In China, the restructuring of state-owned enterprises is also giving rise to investment opportunities.

“This year we’ve seen state-owned enterprises selling off non-core assets – that’s coming through,” says Sean Taylor, Deutsche Asset Management’s Asia Pacific CIO.

Compared with 2017, there will not be too many “surprises” for the coming year because the government will continue to implement policies ironed out in 19th National Congress says Tsang.

“We are likely to see a renewed thrust on reforms across state-owned enterprises (SOEs), as well as in energy pricing and pro-environmental policies,” says Fidelity International portfolio manager Jing Ning. China’s corporate indebtedness is largely concentrated in SOEs she observes, increasing pressure to shed non-core assets.

“Next year we will see a raft of new railways, roads and renewable projects in China as the government is working to fulfill its 2020 targets laid out in the country’s 13th Five Year Plan,” says Vivian Tsang,

‎Moodys’ North Asia rating head for project and infrastructure finance. “That will translate into a lot of investments,” she adds.

While large PPP projects are still going to be dominated by state owned enterprises, Tsang believes there will be more room for private investors. She notes that the recent suite of strict rules forcing limits on the total size of PPPs allowed to be undertaken by SOEs could see them slow down their pace in bidding for these projects. To introduce more private investors, the government will also encourage trusts, fund and insurance companies to invest in PPPs.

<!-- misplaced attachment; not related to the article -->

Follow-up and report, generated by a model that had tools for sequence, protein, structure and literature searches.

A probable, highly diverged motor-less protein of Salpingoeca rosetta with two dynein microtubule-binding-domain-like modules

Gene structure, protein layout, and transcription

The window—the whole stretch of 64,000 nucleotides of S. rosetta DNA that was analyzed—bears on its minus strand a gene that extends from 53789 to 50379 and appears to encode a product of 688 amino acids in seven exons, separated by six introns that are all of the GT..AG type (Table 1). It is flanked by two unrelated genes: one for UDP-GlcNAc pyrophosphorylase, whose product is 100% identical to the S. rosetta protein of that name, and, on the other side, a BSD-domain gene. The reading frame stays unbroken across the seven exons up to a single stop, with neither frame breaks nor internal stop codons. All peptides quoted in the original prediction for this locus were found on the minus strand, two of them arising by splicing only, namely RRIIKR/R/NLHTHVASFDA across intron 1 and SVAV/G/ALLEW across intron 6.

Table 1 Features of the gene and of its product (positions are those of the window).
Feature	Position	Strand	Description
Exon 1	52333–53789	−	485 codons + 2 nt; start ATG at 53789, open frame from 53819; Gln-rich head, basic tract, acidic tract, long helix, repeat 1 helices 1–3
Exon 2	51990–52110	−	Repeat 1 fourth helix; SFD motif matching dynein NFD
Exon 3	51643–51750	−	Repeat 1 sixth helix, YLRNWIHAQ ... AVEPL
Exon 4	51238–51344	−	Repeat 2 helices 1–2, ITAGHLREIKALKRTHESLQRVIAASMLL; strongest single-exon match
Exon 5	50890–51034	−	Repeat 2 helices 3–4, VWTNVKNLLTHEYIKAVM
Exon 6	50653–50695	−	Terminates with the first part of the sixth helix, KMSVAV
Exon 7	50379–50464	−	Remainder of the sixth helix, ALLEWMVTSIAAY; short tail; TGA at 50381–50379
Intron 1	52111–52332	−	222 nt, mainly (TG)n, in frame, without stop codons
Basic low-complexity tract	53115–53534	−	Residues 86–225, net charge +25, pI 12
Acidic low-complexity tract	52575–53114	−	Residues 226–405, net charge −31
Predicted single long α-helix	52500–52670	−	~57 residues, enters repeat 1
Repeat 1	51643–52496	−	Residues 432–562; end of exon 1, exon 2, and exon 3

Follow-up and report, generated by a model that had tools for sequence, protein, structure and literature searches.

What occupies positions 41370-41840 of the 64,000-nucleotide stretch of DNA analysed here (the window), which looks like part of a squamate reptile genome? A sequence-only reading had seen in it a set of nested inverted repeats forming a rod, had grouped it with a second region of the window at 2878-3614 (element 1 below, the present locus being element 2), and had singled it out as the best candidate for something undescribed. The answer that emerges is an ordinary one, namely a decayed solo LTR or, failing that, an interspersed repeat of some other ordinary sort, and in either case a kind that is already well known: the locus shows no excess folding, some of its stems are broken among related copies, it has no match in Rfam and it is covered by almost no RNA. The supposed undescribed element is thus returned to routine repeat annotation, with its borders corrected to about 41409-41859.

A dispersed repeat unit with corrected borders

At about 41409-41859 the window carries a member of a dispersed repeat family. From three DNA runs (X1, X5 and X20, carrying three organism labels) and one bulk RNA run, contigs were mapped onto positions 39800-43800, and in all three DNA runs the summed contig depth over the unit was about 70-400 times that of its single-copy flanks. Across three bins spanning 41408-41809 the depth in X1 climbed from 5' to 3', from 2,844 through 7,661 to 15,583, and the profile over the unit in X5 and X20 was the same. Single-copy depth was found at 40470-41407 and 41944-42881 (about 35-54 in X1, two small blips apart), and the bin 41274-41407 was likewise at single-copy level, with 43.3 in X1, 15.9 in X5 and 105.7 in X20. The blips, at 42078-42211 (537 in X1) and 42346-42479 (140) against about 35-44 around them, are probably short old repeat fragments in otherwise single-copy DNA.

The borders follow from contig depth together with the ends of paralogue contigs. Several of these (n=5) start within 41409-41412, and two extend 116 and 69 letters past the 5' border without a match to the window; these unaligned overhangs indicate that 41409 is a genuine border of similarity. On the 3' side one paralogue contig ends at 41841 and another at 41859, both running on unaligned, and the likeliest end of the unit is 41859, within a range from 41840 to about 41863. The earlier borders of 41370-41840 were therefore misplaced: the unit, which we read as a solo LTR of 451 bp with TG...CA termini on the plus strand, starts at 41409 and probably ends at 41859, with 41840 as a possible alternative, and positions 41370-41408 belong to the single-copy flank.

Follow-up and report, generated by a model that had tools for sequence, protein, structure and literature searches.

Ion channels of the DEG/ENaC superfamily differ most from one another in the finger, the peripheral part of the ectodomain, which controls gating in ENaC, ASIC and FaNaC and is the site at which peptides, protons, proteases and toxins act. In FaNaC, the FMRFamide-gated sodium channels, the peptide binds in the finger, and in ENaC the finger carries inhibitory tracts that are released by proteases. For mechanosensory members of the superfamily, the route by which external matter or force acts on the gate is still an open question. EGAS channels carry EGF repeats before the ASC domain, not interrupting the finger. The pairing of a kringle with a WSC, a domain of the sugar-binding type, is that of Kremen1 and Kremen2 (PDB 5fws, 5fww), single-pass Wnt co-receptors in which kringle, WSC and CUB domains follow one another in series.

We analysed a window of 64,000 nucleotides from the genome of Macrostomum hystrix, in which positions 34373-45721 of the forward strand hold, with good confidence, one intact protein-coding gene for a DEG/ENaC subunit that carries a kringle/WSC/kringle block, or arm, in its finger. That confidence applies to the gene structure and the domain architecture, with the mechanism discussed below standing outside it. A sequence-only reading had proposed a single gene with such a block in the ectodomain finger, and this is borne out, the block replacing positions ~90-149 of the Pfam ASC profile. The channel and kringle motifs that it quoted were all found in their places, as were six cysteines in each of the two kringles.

In the environment sector, waste treatment projects will continue to see robust demand as land is becoming costlier in China for the disposal of waste observed Tony Fei, senior analyst with broker RHB Securities.

Stakeholder engagement
Japan’s ruling LDP party’s win in October’s snap elections secures Prime Minister Shinzo Abe’s position for years to come and should mean investor-friendly policies continue to roll out, including the privatization of publicly-owned infrastructure assets.

The Japanese government is considering whether to add publicly-owned hydro power plants, industrial water facilities and forestry to the list of assets to be run as infrastructure concessions.

“In Japan, privatization taking an advantage of concession deals will likely expand,” says SMTRI’s Fukushima.

Attracting public pension funds as investors in funds – such as the newly launched Marunouchi Infrastructure Investment Limited Partnership – is expected to help ease public concerns about commercial entities running basic services such as sewage. The Mitsubishi-sponsored fund reached a JPY 30bn first close on 30 November.

“If the launch of infrastructure funds becomes fully in progress, that makes it easier for pension funds, regional banks and others to invest in infrastructure assets,” observes SMTRI’s Fukushima. “There may be an increase in liquidity via the use of infrastructure funds in part,” he adds.

Japanese investors will likely pay attention to such areas as storage battery (overseas) and data center and forestry (in Japan) according to Fukushima.

LNG, renewables
A key focus for greenfield opportunities will be LNG to power opportunities, alongside renewable energy. Consultants believe that there may be as many as 20 new countries importing LNG by 2020 that do not do so today observes Societe Generale’s  Asia-Pacific head of energy, metals and mining Daniel Mallo.